Federal health officials released guidance Monday that gives fully vaccinated Americans more freedom to socialize and engage in routine daily activities, providing a pandemic-weary nation a first glimpse of what a new normal may look like in the months ahead.
The CDC also said fully vaccinated people can gather indoors with those who are also fully vaccinated. And they do not need to quarantine, or be tested after exposure to the coronavirus, as long as they have no symptoms, the agency said.
Peter Hotez, co-director of the Texas Children’s Hospital Center for Vaccine Development, applauded the advice but said it has taken too long for the CDC to tell an exhausted public when their masks can come off.
“The sooner we move to telling people if you’re fully vaccinated you don’t have to wear masks, that will be an incentive for people to get vaccinated,” Hotez said.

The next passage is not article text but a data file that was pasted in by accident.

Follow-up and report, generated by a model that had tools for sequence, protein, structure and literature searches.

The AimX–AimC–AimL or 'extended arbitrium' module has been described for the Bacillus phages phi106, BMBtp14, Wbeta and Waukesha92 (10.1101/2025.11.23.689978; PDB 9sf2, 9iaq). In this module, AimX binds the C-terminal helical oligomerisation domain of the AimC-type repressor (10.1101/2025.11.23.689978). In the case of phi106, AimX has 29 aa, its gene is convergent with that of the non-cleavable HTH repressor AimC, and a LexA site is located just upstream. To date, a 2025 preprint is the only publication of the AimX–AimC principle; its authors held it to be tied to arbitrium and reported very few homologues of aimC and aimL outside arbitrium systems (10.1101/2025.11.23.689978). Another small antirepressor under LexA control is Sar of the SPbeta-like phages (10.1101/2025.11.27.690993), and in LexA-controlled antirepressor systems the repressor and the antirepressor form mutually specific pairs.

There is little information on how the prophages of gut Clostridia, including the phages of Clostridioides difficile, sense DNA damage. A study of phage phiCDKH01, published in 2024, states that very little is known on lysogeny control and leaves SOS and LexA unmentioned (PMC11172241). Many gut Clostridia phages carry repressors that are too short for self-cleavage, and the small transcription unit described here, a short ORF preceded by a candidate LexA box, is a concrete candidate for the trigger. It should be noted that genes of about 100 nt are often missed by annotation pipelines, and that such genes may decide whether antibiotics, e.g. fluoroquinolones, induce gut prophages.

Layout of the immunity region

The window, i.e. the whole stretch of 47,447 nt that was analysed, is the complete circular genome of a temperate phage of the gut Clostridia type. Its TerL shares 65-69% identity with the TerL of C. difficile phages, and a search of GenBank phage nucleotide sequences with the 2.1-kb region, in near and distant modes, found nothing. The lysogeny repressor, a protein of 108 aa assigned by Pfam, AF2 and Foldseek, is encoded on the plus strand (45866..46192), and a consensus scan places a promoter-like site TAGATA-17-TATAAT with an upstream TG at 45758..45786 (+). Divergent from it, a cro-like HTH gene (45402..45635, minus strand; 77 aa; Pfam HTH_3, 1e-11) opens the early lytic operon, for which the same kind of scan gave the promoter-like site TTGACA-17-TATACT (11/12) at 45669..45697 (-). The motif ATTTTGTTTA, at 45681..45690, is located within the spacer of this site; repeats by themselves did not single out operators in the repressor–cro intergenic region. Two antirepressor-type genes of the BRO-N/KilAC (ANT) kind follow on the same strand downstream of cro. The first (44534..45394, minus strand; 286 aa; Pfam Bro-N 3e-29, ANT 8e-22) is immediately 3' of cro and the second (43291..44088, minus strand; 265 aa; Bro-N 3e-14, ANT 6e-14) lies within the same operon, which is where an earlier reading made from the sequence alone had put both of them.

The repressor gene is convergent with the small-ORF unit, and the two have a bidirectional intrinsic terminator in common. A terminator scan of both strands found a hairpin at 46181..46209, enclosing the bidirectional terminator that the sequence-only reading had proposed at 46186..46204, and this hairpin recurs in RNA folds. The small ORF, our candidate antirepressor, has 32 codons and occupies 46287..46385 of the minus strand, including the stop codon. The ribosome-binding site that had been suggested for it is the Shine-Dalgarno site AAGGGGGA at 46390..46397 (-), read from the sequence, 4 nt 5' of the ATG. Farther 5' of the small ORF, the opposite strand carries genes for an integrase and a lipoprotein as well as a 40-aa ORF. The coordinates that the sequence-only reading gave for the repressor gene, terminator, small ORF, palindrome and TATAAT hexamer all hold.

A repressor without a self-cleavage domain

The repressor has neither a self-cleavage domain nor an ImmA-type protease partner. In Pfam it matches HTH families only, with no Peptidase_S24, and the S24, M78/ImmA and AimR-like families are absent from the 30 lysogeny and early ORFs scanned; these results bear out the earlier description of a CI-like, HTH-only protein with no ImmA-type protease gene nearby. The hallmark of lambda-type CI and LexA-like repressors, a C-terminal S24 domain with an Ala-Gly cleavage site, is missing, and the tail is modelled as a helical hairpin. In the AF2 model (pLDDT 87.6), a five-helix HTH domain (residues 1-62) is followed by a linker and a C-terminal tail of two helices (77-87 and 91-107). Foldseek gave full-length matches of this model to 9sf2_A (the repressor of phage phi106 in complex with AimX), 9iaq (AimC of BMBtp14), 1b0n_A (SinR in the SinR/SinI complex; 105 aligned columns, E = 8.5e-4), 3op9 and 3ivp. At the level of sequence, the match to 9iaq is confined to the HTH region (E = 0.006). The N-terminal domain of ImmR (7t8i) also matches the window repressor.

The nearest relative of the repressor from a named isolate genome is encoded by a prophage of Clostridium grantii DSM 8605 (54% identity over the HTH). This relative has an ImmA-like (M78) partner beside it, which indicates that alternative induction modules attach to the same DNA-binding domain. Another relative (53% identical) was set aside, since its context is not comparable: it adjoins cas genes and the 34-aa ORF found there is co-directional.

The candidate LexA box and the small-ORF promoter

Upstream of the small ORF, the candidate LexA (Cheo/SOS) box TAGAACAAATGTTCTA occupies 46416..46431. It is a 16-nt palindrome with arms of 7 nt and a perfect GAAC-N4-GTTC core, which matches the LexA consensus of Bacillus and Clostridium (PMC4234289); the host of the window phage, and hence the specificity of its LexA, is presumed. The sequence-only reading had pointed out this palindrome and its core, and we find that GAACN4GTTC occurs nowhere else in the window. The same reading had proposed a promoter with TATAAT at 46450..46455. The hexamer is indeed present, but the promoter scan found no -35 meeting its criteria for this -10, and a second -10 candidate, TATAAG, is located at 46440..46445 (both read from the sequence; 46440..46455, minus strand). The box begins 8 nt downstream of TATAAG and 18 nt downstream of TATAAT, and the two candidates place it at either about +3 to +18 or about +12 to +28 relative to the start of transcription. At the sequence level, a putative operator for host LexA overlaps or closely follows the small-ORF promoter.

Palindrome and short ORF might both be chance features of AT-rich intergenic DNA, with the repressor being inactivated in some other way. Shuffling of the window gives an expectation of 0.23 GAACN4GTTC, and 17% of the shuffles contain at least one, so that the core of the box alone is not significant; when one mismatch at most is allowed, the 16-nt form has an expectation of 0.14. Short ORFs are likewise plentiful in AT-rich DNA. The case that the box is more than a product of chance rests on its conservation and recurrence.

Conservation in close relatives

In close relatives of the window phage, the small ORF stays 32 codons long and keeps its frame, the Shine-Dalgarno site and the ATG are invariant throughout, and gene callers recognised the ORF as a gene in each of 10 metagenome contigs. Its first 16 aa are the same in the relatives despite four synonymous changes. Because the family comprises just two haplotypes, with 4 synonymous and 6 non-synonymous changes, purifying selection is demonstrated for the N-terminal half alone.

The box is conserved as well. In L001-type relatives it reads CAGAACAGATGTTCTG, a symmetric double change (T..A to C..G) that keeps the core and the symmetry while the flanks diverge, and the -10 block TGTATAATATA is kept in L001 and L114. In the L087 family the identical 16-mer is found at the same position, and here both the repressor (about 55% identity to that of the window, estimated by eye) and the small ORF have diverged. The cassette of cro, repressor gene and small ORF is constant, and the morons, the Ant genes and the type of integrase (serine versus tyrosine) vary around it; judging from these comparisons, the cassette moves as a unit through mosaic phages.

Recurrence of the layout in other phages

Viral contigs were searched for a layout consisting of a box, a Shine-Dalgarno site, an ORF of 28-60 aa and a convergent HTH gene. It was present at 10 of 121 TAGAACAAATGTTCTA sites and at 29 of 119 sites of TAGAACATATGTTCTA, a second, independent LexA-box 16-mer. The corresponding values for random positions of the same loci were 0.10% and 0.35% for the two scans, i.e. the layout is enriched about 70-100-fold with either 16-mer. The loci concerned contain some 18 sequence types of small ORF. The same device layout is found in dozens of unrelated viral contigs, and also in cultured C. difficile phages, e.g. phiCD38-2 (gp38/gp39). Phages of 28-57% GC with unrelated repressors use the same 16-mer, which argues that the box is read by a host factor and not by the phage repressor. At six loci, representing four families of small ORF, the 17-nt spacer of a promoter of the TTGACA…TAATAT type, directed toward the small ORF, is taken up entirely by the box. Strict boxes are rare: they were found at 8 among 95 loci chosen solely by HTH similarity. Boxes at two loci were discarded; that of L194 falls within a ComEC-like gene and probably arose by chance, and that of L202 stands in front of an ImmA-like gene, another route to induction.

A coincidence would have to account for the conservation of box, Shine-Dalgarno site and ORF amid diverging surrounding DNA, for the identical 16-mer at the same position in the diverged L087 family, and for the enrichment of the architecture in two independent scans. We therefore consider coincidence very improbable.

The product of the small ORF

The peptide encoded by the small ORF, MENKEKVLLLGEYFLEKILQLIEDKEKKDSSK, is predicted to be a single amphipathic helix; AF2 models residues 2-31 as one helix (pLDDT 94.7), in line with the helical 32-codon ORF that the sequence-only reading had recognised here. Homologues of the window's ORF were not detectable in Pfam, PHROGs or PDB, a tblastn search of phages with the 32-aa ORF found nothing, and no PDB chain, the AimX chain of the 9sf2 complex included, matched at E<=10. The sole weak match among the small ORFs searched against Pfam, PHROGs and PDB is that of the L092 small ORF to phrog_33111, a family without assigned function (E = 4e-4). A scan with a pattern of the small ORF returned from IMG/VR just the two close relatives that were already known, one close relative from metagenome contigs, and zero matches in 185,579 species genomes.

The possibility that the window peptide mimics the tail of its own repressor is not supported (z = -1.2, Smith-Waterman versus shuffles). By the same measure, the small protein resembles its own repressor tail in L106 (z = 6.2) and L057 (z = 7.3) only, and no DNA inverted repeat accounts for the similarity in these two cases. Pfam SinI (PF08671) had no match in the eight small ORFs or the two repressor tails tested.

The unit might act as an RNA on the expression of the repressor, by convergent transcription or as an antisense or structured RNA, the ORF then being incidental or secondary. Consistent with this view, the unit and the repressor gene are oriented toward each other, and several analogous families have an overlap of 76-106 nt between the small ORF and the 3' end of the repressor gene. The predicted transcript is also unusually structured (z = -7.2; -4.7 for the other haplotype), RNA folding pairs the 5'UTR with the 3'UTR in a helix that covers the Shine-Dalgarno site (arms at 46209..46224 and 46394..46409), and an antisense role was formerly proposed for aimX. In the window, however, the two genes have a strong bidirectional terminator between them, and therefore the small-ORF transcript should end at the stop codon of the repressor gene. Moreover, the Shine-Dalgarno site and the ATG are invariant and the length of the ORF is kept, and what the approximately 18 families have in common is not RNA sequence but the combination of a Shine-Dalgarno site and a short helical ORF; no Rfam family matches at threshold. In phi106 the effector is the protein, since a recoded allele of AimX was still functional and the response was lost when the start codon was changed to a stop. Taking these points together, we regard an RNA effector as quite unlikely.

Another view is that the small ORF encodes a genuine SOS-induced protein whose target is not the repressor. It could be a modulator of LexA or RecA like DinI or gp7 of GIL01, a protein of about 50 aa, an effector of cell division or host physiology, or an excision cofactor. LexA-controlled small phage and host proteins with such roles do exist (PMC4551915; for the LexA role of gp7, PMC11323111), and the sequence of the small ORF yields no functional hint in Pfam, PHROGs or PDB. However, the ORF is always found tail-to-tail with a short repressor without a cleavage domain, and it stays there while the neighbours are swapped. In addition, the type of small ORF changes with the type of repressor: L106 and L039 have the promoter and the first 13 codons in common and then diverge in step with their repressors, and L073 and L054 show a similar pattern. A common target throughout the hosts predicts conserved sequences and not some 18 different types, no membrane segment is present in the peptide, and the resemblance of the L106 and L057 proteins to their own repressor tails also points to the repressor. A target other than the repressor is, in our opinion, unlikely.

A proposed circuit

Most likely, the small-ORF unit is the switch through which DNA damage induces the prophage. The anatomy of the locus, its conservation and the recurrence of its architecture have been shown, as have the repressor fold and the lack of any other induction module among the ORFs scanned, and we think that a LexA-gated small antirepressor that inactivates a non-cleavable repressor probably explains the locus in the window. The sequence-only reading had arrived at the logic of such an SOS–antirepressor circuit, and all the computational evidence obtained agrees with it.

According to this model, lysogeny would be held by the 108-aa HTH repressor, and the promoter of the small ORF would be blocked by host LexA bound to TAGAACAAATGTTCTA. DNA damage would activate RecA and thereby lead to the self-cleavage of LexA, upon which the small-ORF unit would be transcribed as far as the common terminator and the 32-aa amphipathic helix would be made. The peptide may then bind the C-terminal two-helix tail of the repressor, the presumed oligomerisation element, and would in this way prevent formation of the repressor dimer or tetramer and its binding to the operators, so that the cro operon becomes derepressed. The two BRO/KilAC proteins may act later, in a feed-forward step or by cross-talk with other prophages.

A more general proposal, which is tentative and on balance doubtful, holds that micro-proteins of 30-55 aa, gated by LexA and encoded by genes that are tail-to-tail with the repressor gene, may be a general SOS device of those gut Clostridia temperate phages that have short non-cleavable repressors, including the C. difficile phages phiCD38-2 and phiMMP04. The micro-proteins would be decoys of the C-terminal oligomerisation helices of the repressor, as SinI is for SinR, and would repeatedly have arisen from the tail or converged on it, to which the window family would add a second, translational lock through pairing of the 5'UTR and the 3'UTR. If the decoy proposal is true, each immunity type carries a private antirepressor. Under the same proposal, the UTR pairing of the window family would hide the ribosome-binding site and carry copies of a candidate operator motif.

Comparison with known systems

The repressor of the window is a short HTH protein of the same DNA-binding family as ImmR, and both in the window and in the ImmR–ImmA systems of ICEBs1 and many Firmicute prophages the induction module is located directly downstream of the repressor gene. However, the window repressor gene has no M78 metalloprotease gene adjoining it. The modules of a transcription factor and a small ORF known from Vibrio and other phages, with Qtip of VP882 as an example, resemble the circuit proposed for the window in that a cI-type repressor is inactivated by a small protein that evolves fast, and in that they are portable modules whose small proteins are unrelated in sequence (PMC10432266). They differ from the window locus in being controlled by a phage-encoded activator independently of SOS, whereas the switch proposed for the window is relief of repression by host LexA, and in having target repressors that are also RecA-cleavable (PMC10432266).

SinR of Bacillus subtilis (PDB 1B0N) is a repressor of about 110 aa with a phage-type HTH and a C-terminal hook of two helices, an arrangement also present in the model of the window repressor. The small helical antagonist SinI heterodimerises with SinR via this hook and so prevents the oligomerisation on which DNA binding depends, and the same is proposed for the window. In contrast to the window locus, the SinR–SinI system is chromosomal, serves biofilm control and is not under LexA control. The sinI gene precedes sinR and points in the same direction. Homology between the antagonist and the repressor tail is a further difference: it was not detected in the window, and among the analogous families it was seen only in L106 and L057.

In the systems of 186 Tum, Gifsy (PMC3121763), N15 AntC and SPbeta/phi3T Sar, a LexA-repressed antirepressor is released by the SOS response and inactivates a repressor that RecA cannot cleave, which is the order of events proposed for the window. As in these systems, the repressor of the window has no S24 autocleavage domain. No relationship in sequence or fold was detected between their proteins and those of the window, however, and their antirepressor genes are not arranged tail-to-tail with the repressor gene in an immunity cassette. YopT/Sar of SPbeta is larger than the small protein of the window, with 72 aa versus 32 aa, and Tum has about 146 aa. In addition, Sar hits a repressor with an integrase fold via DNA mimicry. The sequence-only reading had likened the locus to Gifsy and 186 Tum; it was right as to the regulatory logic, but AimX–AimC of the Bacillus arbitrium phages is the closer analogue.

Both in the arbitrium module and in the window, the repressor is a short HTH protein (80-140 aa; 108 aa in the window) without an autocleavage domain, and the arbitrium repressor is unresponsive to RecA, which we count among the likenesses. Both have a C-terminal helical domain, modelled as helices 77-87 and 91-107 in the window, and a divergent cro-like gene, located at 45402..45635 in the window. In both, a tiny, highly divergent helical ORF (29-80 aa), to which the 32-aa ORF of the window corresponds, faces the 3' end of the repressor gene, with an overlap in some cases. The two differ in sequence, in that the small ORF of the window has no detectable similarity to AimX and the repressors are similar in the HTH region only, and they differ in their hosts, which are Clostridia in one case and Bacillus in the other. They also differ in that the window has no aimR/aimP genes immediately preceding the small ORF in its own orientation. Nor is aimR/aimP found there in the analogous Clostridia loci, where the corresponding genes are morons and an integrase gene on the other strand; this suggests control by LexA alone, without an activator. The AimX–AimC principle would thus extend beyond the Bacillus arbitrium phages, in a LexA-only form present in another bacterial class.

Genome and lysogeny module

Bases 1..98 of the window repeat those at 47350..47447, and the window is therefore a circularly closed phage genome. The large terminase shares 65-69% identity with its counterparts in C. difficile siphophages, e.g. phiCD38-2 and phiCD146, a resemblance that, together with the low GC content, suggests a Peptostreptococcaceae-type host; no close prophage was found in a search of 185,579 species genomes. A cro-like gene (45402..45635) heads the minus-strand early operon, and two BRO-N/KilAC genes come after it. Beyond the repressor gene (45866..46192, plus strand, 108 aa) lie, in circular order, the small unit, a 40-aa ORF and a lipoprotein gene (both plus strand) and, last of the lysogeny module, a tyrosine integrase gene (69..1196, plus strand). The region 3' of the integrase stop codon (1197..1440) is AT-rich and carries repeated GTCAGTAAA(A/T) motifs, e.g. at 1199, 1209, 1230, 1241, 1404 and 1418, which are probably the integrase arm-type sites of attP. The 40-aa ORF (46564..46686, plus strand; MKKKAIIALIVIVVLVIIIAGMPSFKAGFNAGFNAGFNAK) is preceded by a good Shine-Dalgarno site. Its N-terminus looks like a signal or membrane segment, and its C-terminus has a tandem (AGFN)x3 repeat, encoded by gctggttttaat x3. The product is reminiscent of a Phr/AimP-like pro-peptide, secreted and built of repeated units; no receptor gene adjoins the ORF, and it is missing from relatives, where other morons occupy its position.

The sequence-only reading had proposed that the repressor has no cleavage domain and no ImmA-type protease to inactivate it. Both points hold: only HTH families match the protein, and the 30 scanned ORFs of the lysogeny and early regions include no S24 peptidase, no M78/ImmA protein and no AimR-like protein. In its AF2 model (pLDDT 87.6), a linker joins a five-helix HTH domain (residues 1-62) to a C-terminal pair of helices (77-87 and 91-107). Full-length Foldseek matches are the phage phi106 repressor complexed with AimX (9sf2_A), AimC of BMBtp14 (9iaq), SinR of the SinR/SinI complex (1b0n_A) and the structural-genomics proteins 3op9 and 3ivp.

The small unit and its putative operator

For those who have made it through the rocky vaccine rollout, the five pages of guidelines offer a road map of sorts to resuming aspects of daily life that have been on hold for more than a year. They come as states have begun reopening and as government and public health officials are racing to vaccinate people as fast as possible to outpace highly transmissible versions of the virus spreading in nearly every state.
After a slow start, the pace of inoculations is accelerating, with 60 million people in the United States having received one shot and more than 31 million people fully vaccinated as of Monday, or about 9 percent of the population, according to the CDC. About 2.2 million people on average are getting vaccinated daily. President Biden has vowed to have enough supply for every adult who wants a shot by late May, raising hopes of a return to normal life.
The country is “starting to turn a corner,” Andy Slavitt, White House senior adviser for the coronavirus response, said in a briefing Monday, with the guidance highlighting “what a world looks like where we move beyond covid-19.”
CDC Director Rochelle Walensky said the recommendations sought to balance potential risk to those who are unvaccinated and impacts on community transmission against the benefit of “getting back to some of the things that we love in life” for those who are inoculated. She and others warned that millions more people need to be vaccinated before everyone can stop following coronavirus precautions.